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I have a number ("double") from int/int (such as 10/3).

What's the best way to Approximation by Excess and convert it to int on C#?

  • What is 'Approximation by Excess' ? – An Old Fortran Hacker Feb 15 '12 at 15:23
  • Uhm...maybe I don't know how to call it in english? :) Well, if you have 0.2->1; 0.8->1...and so on..."round" to the next int? – markzzz Feb 15 '12 at 15:29
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    Do you mean (int)Math.Ceiling(x)? – CodesInChaos Feb 15 '12 at 15:38
  • Oh...it's Round Up! Sorry, thanks :) – markzzz Feb 15 '12 at 15:43
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    Should -1.5 round to -1 or -2? – Jodrell Feb 15 '12 at 15:47
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Are you asking about System.Math.Ceiling?

Math.Ceiling(0.2) == 1
Math.Ceiling(0.8) == 1
Math.Ceiling(2.6) == 3
Math.Ceiling(-1.4) == -1
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    Math.Ceiling(-1.4)==-2 -- what language is that ? Tell me it's name so that I can shun it like the plague. – High Performance Mark Feb 15 '12 at 15:42
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    Oops, I screwed that up. I looked it up, but I misread the example. – Doug McClean Feb 15 '12 at 15:44
  • @HighPerformanceMark - well, in C# expression "Math.Ceiling(-1.4)==-2" is correct and basically returns false ;-) – Zegar May 27 at 13:29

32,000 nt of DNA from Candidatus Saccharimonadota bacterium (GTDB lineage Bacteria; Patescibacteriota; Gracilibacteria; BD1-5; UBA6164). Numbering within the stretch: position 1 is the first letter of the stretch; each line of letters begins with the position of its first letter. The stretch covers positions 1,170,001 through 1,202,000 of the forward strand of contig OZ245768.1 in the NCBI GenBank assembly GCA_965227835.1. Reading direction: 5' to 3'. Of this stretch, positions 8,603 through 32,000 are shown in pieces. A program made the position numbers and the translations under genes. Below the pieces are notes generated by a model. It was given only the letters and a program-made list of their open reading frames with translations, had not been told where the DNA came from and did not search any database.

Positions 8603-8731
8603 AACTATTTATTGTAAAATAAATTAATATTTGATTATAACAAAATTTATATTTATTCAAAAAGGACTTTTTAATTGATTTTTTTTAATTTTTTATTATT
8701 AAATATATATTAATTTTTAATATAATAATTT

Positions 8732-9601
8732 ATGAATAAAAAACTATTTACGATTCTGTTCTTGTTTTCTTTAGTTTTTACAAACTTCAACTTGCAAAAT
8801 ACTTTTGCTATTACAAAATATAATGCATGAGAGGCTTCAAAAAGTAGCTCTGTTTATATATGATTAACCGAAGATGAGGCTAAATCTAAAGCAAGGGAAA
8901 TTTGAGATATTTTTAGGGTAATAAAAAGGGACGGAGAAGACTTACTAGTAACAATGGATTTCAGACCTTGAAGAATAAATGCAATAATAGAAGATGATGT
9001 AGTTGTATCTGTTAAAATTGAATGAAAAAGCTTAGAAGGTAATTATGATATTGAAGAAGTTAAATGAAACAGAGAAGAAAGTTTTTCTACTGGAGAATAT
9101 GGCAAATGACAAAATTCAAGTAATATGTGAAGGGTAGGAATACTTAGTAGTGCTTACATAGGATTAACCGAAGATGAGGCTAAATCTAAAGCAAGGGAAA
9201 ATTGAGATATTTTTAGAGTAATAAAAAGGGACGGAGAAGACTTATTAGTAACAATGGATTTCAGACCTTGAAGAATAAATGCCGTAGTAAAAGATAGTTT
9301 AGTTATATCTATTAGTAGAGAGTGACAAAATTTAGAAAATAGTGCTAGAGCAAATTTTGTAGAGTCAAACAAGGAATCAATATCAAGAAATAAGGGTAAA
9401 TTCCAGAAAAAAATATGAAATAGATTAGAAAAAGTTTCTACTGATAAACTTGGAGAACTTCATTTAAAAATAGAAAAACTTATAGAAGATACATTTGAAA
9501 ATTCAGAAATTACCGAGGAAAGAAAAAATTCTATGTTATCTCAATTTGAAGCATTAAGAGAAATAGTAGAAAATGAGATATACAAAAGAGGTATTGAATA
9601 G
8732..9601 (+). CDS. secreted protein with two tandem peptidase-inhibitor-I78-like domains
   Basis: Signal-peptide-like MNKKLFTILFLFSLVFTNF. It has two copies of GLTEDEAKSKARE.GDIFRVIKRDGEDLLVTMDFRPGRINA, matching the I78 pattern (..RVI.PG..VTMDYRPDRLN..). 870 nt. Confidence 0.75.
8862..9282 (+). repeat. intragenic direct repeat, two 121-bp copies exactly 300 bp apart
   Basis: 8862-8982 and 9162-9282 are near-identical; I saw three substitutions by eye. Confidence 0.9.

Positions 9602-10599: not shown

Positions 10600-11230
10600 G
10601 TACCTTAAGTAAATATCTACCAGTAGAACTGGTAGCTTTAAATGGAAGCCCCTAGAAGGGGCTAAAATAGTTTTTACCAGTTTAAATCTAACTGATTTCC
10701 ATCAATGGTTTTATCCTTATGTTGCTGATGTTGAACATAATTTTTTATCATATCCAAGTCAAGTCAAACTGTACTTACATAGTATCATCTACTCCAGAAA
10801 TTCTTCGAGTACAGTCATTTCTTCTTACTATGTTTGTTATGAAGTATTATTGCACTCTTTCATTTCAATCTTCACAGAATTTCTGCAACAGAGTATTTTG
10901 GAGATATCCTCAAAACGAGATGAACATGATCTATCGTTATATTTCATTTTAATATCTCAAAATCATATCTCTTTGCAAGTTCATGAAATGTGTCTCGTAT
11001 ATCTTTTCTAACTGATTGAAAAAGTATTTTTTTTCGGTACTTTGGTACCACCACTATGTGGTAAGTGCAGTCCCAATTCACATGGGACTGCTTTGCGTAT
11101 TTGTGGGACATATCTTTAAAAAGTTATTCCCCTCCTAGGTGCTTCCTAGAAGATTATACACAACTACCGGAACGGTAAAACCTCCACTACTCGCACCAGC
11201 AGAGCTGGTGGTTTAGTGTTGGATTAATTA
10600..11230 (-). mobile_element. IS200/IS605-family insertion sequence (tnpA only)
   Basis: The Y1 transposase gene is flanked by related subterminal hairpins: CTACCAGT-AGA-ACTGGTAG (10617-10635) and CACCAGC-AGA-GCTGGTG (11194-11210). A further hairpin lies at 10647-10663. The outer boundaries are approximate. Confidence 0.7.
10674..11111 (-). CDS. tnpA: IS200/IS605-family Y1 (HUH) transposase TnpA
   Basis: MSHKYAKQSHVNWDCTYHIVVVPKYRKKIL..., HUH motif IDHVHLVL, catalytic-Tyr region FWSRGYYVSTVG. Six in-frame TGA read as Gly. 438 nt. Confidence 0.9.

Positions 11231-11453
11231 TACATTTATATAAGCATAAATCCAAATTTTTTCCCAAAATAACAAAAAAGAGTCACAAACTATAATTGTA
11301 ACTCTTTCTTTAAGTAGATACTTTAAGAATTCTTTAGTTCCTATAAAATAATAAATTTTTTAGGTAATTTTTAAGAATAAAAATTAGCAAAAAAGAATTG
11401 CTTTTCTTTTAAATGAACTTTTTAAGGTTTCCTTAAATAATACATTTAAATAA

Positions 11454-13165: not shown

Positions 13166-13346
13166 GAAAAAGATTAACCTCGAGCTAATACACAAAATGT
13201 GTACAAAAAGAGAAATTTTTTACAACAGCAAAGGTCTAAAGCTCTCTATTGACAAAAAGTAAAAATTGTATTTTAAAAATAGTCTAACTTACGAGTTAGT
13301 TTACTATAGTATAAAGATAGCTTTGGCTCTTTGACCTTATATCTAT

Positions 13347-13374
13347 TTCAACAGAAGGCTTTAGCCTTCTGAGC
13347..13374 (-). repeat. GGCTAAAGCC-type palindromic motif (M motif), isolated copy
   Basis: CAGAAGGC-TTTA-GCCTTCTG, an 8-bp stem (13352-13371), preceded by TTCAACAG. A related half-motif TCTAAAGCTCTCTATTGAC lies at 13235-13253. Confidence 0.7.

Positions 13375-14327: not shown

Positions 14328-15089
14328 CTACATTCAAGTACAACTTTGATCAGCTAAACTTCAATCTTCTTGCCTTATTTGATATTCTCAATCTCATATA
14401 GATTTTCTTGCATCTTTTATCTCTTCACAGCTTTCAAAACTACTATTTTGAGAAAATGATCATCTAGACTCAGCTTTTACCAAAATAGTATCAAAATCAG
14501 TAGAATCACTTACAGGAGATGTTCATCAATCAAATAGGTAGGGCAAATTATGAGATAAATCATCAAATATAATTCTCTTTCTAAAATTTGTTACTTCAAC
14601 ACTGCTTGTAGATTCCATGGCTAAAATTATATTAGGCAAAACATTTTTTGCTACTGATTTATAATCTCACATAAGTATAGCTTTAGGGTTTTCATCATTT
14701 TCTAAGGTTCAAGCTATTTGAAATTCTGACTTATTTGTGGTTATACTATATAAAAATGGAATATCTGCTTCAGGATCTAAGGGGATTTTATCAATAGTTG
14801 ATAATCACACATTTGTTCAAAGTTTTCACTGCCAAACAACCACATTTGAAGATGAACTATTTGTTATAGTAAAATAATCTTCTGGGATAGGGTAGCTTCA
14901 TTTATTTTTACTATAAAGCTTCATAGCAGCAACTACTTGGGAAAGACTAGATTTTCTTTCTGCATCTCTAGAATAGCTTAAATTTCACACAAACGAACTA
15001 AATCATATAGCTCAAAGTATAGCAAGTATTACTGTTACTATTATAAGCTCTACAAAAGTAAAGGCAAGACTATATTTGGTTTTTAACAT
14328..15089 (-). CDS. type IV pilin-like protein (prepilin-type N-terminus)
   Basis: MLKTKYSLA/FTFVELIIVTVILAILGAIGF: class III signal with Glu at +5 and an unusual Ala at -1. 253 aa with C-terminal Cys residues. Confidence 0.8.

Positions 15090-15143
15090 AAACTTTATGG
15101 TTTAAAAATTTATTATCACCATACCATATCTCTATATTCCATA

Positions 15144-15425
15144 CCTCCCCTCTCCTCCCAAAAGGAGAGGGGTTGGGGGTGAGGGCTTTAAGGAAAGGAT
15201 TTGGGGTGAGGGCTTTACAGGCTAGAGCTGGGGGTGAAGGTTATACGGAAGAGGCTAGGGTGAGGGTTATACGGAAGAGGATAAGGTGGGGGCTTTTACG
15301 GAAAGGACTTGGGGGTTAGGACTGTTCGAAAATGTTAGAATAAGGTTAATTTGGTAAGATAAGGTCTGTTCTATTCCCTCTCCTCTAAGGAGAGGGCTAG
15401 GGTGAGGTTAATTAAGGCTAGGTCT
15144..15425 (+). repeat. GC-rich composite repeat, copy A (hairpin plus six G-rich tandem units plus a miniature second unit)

• Seeing how Math.Ceiling returns a decimal and not an int, then no, but OP has accepted this as the answer anyway for some reason. – ataraxia May 28 at 11:43
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int scaled = (int)Math.Ceiling( (double) 10 / 3 ) ;
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    I think you need to cast it for this to work.. i.e. int scaled = (int)Math.Ceiling( (double 10 / 3 ); – Mark Rhodes Mar 4 '14 at 9:58
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By "Approximation by Excess", I assume you're trying to "round up" the number of type double. So, @Doug McClean's "ceiling" method works just fine.

Here is a note: If you start with double x = 0.8; and you do the type conversion by (int)x; you get 0. Or, if you do (int)Math.Round(x); you get 1. If you start with double y = 0.4; and you do the type conversion by (int)y; you get 0. Or, if you do (int)Math.Round(y); you get 0.

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Consider 2.42 , you can say it's 242/100 btw you can simplify it to 121/50 .

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